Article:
Monday, April 6, 2009

"I Sing the Body Electric"

The Ray Bradbury title came to mind this morning as I reflected on Alan Terricciano's concert Saturday night and read in today's New York Times about conductor David Robertson's performance with the St. Louis Symphony Orchestra at Carnegie Hall.
First, Alan's concert featured mostly non-arboreal work--pieces commissioned or conceived for contemporary dance that, while often whimsical and quirky in nature, exhibited the high integrity of formal composition reflecting Alan's Yale & Eastman School of Music training, audibly influenced by modern American masters like Aaron Copland. Regarding "New Music for House Plants," back by popular demand, Alan credited John Cage as an influence but it also made me think of Harry Partch, one of the true iconoclasts in American music. "Plants" was more or less free form playing on cacti, flax, fruits and vegetables, with a few children's toys thrown in for good measure, after which the audience was invited to mount the stage and experiment with these "instruments."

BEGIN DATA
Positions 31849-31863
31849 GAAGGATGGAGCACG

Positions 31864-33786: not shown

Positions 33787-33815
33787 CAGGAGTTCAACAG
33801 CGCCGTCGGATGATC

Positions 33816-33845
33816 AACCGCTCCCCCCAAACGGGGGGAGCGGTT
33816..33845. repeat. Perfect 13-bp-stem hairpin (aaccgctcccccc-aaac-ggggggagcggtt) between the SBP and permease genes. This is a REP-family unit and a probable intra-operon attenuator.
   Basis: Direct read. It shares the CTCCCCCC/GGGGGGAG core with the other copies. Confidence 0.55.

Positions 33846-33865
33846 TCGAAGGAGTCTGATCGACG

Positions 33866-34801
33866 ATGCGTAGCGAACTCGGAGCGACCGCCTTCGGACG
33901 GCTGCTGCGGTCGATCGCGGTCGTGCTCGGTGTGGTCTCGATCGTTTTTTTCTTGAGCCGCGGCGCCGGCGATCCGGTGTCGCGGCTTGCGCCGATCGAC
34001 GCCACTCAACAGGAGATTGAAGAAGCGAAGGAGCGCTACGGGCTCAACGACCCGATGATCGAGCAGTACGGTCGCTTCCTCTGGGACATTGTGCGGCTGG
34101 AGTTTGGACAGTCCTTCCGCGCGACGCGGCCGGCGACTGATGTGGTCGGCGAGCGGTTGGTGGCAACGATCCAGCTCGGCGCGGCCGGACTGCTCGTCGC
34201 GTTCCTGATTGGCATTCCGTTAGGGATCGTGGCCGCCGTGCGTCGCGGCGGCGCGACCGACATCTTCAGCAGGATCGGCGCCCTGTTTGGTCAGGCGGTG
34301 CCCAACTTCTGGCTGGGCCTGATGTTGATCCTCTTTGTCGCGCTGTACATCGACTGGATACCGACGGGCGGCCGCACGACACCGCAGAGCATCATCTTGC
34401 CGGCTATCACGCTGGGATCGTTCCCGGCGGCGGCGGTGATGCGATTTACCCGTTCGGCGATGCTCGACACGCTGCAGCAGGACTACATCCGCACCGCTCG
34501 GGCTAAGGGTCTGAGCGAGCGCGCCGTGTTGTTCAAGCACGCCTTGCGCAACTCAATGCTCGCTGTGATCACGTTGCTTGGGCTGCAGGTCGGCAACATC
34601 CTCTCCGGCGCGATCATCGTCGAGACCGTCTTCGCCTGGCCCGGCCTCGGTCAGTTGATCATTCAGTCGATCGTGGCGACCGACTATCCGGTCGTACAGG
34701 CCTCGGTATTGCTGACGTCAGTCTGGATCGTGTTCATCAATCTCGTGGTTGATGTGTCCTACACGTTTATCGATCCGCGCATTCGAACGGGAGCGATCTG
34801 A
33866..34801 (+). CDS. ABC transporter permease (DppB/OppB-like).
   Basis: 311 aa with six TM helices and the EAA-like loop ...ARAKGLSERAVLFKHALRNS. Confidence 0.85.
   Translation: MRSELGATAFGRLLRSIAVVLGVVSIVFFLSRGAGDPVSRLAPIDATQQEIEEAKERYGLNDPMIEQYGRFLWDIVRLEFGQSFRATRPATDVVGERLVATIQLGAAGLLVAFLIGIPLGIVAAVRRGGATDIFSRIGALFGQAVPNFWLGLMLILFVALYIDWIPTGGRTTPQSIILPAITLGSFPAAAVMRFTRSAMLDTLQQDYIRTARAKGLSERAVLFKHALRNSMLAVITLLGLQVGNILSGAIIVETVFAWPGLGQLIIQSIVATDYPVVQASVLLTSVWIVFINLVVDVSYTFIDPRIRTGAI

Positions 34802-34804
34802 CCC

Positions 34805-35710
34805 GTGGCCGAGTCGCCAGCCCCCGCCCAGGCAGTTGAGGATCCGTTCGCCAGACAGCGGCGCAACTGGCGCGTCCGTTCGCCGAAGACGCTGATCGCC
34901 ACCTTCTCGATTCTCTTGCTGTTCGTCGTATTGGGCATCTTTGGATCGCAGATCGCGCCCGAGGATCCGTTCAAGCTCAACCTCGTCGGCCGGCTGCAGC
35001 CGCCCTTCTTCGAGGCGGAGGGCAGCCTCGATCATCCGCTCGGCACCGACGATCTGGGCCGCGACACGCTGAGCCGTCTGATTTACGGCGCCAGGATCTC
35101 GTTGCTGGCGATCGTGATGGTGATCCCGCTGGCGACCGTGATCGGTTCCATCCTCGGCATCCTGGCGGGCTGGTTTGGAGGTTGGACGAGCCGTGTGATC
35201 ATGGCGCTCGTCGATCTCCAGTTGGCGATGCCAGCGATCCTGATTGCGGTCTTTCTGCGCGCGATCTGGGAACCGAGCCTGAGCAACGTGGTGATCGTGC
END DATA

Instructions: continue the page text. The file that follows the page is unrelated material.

But, you'll really have to read the story about David Robertson's impromptu stand-in performance in the Times.
The upshot of all of this?
There's music everywhere.

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